Lawmakers are now considering whether to give exemptions to for-profit cancer centers so they can do business in the state. Under current regulations these cancer centers are likely to be deemed redundant. But a new bill would allow them to avoid what is known as a Certificate of Need--to which all other hospitals must comply. These centers would also be exempt from Medicaid taxes.
It’s been almost two years since President Obama signed into law sweeping health care reform called The Affordable Care Act". Since its passing, its set off legal challenges but also set in motion changes that have taken hold, including requiring coverage for young adults. We’ll take a look at this law, its progress, its problems, and its prospects, as well as how the political climate affects the debate, especially as President Obama prepares for his State of the Union address Tuesday evening.
Our Issue Tuesday Series continues with a look at where the Republican Presidential candidates stand on health care. All of them firmly oppose President Obama’s new health care law, saying they’d repeal it. They favor a more market-based approach, with ideas ranging from tort reform to tax credits to technology. But there are a lot of areas in which they differ as well. We’ll explore their positions on everything to prescriptions plans to entitlement programs to their overall philosophies on who should get care and how much they should pay.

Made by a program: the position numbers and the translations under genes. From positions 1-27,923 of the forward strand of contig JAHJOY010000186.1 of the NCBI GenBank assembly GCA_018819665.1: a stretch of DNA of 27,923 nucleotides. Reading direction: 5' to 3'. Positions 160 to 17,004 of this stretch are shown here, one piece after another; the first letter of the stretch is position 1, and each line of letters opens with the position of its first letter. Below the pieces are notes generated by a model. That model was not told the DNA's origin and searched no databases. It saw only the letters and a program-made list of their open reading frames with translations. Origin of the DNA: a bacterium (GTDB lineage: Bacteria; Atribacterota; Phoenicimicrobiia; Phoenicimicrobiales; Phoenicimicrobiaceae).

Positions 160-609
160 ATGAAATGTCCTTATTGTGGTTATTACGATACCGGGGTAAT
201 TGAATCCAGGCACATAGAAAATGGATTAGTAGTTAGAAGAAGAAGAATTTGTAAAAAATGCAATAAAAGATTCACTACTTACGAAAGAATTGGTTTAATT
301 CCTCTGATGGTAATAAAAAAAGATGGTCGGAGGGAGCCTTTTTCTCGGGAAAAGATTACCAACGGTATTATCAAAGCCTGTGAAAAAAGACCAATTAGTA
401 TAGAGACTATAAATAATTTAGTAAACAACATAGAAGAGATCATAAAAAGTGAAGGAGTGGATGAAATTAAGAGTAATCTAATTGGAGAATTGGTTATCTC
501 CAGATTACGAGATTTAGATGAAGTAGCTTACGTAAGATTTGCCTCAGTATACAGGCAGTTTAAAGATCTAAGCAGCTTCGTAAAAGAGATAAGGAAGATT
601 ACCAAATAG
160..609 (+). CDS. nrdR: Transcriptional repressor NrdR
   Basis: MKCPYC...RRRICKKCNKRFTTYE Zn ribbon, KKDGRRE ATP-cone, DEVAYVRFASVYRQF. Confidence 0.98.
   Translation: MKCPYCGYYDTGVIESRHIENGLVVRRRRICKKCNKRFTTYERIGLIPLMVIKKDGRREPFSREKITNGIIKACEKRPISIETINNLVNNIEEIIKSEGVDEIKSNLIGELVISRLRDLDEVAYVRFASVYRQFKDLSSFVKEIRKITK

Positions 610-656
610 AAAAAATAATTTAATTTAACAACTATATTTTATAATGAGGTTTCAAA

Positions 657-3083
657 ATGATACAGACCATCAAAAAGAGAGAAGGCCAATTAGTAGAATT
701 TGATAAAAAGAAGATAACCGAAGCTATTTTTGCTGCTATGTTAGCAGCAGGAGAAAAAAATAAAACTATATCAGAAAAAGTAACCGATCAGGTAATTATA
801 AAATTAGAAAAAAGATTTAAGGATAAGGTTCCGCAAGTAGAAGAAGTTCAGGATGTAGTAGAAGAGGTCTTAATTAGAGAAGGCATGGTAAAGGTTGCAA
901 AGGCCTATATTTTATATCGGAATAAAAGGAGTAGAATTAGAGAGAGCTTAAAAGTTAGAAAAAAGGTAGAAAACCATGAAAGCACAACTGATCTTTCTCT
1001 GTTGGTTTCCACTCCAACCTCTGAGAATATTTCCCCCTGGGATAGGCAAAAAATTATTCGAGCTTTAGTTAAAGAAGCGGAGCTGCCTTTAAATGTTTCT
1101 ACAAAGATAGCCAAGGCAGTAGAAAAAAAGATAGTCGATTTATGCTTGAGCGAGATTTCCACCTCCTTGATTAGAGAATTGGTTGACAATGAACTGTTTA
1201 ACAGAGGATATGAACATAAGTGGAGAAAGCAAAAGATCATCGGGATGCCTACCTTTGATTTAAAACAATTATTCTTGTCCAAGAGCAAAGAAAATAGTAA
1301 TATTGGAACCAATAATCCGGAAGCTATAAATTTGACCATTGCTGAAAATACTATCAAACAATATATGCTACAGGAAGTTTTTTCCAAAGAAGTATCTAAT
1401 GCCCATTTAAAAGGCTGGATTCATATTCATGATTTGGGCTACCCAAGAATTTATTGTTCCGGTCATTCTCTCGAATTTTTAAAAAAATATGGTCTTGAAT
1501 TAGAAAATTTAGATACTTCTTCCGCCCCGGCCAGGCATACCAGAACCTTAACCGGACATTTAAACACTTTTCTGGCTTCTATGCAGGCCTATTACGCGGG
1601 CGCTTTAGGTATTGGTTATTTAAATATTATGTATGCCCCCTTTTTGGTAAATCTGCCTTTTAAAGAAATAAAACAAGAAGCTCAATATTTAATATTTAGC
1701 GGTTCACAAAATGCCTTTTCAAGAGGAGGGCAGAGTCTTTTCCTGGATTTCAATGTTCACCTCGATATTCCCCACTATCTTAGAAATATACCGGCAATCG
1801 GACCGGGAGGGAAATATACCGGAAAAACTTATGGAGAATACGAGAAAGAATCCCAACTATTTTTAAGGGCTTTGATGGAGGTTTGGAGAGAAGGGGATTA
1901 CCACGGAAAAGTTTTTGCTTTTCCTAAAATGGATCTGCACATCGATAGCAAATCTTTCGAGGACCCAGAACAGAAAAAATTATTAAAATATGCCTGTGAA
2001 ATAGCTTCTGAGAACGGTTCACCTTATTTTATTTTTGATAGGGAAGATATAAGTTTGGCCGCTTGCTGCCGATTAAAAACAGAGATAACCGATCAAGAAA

“Clean coal,” refers to technologies that reduce heavy metal, carbon and other emissions from the burning of coal. The development of technologies that could, potentially, filter greenhouse gases and store CO2 permanently is moving ahead. “Carbon Sequestration” is an important step in testing the potential of clean coal technology. We spoke with Maggie Koerth-Baker, Science Editor for Boing-Boing; she visited a carbon sequestration demonstration in Alabama.
More than 3,000 people on Medicaid in the Lakes Region will have to switch from their regular doctors by next month. They are being reassigned to other area clinics.
Primary care doctors that are part of LRGH Healthcare will no longer treat Medicaid patients. LRGH President, Tom Clairmont, says the joint federal-state program for the poor and disabled, covers less than half the cost of providing care. Clairmont says that formula undermines the hospital’s ability to provide the most essential care.